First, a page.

Open source volunteers have claimed independence for the free office software, OpenOffice.org, from Oracle's Sun Microsystems after 10 years.
Volunteers supporting OpenOffice.org have launched "The Document Foundation" in a move they say establishes independence, giving the software a new provisional brand, LibreOffice, which is available in beta version.
"The Foundation will be the cornerstone of a new ecosystem where individuals and organisations can contribute to and benefit from the availability of a truly free office suite. It will generate increased competition and choice for the benefit of customers and drive innovation in the office suite market. From now on, the OpenOffice.org community will be known as 'The Document Foundation'," said Sophie Gautier (pictured), spokesperson for the initiative.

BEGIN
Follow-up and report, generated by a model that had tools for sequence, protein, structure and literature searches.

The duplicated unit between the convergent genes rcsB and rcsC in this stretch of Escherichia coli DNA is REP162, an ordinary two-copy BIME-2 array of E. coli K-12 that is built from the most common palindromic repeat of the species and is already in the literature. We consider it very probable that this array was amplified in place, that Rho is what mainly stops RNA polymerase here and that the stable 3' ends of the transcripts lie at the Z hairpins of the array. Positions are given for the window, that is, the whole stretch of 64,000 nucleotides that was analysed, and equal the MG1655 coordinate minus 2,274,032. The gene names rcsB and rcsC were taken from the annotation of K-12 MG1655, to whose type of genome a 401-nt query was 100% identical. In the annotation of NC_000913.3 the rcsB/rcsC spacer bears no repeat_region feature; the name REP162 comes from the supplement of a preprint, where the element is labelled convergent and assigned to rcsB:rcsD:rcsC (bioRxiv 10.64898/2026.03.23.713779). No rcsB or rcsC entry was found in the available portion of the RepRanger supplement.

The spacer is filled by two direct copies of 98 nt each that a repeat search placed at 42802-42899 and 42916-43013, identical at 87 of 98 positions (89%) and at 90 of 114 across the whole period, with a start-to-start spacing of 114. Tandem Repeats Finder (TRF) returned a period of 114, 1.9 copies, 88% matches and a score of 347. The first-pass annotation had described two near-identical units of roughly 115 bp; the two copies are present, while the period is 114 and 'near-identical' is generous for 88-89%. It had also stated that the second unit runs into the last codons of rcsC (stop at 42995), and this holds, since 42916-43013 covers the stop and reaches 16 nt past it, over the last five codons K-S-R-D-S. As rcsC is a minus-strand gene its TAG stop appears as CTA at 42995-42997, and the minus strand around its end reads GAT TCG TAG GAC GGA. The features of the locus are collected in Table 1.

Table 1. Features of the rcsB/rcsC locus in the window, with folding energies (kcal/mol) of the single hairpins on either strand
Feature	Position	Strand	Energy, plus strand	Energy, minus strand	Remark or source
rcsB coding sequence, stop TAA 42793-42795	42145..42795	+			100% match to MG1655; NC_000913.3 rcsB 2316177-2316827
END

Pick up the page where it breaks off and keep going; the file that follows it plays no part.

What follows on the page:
Sun Microsystems launched the OpenOffice.org project in 1990 with the aim of creating a community-based, international office suite, able to run on all major platforms and access all functionality and data using open application programming interfaces and XML.
Chris DiBona, open source programs manager at Google, said in a statement: "The creation of The Document Foundation is a great step forward in encouraging further development of open source office suites. Having a level playing field for all contributors is fundamental in creating a broad and active community around an open source software project."
Oracle acquired OpenOffice.org as a result of its acquisition of Sun Microsystems earlier this year.